TSA is a Waste of Time and Money


I recall seeing that expos√© a year or so ago showing that undercover agents working for the Department of Homeland Security were able to smuggle weapons and bomb-making materials through TSA checkpoints with a success rate of 95%. This article (link) makes a great point that TSA is mostly just something to make us all feel better about a very rare occurrence. This is in addition to the fact that a large portion of the TSA agents I encounter tend to be loud-mouthed and condescending pricks. Yes, I know not all of them are like that, but I have never taken a trip that involved traveling through a U.S. airport where I didn’t encounter one.


POLITICS: Congress is the Political Center of Gravity


This is as it should be.¬†The Framers of the Republic never intended for the sort of imperial presidency we’ve experienced beginning in the latter half of the 20th Century. It was always intended that Congress would be the political center of gravity. Liberals would do well to understand this. So long as conservative, corporately-backed forces are the dominant force in legislatures across the country, the reforms we seek will remain elusive.

FROM FACEBOOK: Filing My Taxes

Today, I went to file my taxes. Not my U.S. federal taxes, mind you, because I’ve never done that before. I’m actually still trying to fill out the various IRS forms I’m required to file so I can submit them for the past three years. You see, it was only in the past year that learned I still have to file U.S. taxes despite my living and working abroad. As a matter of fact, the United States is one of only two countries in the world that taxes its expatriate citizens; the other is the tiny dictatorship of Eritrea in the Horn of Africa. Strange bedfellows.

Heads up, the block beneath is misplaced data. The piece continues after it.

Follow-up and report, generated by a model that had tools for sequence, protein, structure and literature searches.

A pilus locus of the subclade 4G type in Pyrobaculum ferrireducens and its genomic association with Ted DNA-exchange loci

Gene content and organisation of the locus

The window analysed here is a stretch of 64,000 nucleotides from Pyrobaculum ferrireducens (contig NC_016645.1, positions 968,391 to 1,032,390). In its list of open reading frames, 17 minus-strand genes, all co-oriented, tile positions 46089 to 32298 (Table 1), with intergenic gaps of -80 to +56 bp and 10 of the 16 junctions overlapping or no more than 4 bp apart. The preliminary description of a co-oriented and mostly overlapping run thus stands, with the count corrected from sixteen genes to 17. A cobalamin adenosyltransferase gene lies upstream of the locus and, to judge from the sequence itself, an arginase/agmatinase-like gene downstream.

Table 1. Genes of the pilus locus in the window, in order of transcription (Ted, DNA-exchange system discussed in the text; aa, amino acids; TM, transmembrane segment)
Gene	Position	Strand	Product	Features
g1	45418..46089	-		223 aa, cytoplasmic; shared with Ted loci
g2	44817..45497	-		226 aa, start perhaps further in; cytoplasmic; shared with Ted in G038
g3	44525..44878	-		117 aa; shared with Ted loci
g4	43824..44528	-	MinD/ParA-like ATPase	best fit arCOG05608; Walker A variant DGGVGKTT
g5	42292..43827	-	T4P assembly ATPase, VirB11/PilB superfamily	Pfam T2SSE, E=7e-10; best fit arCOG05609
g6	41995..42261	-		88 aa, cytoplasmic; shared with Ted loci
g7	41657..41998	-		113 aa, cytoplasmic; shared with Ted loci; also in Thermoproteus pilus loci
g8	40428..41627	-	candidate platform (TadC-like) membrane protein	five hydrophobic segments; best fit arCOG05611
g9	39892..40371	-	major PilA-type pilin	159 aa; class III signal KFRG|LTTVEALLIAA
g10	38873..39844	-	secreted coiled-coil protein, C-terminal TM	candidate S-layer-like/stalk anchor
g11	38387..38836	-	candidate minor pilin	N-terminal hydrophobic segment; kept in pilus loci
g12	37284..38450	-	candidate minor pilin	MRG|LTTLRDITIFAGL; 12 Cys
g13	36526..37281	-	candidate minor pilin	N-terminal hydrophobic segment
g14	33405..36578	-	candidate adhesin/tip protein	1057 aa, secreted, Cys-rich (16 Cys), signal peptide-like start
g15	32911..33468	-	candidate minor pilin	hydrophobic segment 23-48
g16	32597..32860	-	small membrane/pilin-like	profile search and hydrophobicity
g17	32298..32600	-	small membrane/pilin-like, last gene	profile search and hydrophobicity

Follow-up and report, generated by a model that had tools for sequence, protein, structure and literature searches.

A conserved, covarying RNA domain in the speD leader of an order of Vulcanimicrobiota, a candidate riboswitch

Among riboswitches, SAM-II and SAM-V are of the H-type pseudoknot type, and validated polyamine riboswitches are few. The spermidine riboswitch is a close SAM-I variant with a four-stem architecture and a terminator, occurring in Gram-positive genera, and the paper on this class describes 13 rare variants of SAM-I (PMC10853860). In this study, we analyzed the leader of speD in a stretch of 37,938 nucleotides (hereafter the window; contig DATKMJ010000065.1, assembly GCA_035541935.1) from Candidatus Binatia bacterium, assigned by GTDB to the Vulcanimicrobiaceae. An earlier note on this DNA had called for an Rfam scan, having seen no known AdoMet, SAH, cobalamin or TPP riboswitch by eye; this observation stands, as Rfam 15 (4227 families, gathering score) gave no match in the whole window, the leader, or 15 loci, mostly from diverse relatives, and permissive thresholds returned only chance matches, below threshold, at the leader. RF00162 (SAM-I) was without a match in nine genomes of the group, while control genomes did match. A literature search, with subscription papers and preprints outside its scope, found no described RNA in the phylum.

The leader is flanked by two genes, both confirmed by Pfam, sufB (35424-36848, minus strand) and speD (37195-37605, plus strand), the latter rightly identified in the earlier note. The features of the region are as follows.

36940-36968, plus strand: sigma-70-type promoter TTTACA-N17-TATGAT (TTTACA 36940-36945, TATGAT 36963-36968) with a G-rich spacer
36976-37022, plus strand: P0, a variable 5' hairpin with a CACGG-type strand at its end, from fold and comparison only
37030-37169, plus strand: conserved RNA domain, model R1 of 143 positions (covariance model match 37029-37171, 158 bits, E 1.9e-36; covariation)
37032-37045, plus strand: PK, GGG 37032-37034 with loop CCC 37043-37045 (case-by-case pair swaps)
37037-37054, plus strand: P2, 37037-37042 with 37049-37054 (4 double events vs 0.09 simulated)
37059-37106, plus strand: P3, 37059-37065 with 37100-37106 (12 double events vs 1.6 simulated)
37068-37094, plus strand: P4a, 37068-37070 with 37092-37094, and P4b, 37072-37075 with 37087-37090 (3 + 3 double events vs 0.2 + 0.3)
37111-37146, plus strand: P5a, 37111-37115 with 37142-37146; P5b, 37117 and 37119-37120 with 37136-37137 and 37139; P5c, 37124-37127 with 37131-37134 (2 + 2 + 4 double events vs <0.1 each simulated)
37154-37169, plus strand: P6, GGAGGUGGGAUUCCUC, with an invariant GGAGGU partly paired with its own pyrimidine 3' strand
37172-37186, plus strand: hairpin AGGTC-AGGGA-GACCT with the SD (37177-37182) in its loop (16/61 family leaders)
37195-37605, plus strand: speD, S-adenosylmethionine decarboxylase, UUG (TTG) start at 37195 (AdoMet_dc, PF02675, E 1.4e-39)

But never mind all that because it’s beside the point. The taxes I filed today were for my home of the past year, Taiwan, known officially as the Republic of China. To do so, I simply walked around the corner from my apartment to my district tax office. I walked in, was handed a number from an attendant, and took a seat. A few minutes later, my number flashed across a screen directing me to counter 9. The tax bureau representative couldn’t speak English, but there was no need for her to. All she needed was the ID number from my alien registration card (ARC), which enabled her to pull up my tax documents from a digital database on her computer, print them out, and then direct me to a computer station to file them.

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TYPE B in TAIPEI, PART VI: Unintentional Phallic Artwork, and Other Hazards of Teaching

2015-10-12 16.01.23The word was necklace. It was a word I had introduced to my junior high students the previous week as we used a dialogue about a woman’s lost wedding ring to practice our speaking and pronunciation skills. The boy reached into the bucket of Pictionary words I’d created specially for this review game and pulled out the piece of jewelry one wears about the neck. I asked him if he remembered the word and he assured me he did. His teammates watched anxiously as I started the 1-minute countdown in which he’d have to draw a picture that they could then interpret correctly to give me the word. I yelled, “Ready, set, GO!” and watched his teammates for a raised hand. Then, after a few seconds, the entire class erupted in laughter. I turned to see what was so funny and discovered the boy, in a hurried attempt to draw a necklace with a small pendant had instead drawn what more closely resembled a penis with urethral opening. My wide eyes must have told him he needed to try again, which he did. Seconds later, more laughter–this time, he’d done a rather fine rendition of a vagina. Thankfully, his teammates were able to guess the word, and he was able to sit down without suffering any more embarrassment. In short, welcome to my life, friends. Continue reading